Trust me, you already are a good writer! As for how your life would have turned out if you had stayed in the grainery, we’ll never know. So often our lives are shaped by strange events, and two St. Bernard’s literally chasing you out of house and home is one of the strangest!
If I have learned anything about writing, it is to find stories that write themselves. That way, I can sit back and relax while the story does all the work. 🙂
You are a good writer. This piece should be in a magazine. Not just a personal blog post.
Perhaps… but I am still learning to work at writing. One of these days, I will have to learn to work at getting published. 🙂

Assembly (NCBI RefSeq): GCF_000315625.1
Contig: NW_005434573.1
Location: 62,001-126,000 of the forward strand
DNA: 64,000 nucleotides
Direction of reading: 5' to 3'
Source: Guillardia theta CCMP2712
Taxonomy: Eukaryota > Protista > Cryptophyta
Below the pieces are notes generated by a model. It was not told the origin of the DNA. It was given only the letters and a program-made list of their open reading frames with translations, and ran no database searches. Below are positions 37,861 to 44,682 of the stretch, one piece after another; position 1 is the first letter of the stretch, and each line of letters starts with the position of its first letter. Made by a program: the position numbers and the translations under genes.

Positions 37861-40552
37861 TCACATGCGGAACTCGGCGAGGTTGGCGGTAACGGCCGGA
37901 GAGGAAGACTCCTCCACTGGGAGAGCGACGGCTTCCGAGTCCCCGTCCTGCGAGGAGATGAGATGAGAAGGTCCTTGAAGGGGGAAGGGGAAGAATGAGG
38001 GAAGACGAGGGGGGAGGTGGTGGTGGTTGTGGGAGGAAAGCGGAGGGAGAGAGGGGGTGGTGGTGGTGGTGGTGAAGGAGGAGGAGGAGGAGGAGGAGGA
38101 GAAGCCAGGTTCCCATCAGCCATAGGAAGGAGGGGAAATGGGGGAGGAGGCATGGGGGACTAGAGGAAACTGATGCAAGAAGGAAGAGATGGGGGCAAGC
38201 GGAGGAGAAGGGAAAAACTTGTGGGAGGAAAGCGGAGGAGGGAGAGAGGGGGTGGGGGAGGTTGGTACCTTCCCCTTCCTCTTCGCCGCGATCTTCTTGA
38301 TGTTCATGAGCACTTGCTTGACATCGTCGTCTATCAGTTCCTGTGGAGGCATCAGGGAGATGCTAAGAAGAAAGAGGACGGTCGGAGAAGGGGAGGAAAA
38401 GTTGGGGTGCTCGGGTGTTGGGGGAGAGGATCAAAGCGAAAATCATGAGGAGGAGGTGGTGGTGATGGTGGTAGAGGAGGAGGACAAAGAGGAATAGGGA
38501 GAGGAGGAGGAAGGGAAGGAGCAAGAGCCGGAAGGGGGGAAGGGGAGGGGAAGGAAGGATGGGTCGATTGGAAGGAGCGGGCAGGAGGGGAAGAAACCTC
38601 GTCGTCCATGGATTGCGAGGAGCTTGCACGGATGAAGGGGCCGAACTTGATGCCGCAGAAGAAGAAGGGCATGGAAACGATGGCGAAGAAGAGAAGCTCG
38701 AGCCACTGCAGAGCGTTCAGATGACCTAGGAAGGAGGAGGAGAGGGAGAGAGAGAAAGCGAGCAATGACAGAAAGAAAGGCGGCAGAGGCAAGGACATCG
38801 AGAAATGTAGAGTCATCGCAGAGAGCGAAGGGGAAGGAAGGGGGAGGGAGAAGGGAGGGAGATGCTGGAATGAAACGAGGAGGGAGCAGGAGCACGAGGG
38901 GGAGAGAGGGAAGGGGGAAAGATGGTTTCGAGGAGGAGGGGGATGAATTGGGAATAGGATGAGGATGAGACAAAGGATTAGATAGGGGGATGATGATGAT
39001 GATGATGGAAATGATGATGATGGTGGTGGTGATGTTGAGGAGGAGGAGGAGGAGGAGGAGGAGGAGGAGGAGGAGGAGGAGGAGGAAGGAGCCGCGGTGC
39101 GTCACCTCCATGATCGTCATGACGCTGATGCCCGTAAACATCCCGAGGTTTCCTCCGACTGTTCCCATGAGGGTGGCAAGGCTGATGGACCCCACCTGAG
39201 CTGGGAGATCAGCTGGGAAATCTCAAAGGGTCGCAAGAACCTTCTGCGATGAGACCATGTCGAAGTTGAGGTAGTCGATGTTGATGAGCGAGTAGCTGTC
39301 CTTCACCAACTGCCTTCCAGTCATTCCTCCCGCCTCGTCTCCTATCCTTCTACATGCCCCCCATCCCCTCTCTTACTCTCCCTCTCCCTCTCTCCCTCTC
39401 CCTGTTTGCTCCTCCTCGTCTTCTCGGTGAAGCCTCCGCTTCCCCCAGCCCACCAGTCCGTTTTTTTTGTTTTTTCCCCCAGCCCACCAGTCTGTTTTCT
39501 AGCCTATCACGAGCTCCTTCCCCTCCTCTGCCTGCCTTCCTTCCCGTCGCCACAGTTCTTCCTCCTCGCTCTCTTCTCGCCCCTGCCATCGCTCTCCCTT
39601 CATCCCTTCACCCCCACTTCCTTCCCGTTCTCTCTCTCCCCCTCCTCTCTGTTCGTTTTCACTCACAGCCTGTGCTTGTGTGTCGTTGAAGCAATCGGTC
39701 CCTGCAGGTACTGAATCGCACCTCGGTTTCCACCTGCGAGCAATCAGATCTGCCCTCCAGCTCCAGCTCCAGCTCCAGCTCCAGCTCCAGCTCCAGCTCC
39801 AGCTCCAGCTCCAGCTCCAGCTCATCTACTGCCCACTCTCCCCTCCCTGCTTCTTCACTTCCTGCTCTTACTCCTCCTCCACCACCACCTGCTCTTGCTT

What a blissful time you and Barnabas had, until it all literally went downhill. You transported me there with your vivid descriptions. Well done!
It was a fun story to write and unlike most of my stories, this one was true…. Well, somewhat true.
All humorists write ‘somewhat true’ stories, Greg. 😉
Great story. And it sounds as though you got everything out of it, really – a splendid summer, an interesting ending(!), dog friendship and then some superb travelling. Oh, and you appear to have learned how to write, too.
I wish I had learned to write sooner – but that would have required learning to work at it, something I am still working on. 🙂
We all are – I hope! It’s one of those things where there is always something more to learn.
Every now and then you break out one of these epic stories, and a man and his dog makes it even more special. Who’d get excited about a man and his granary?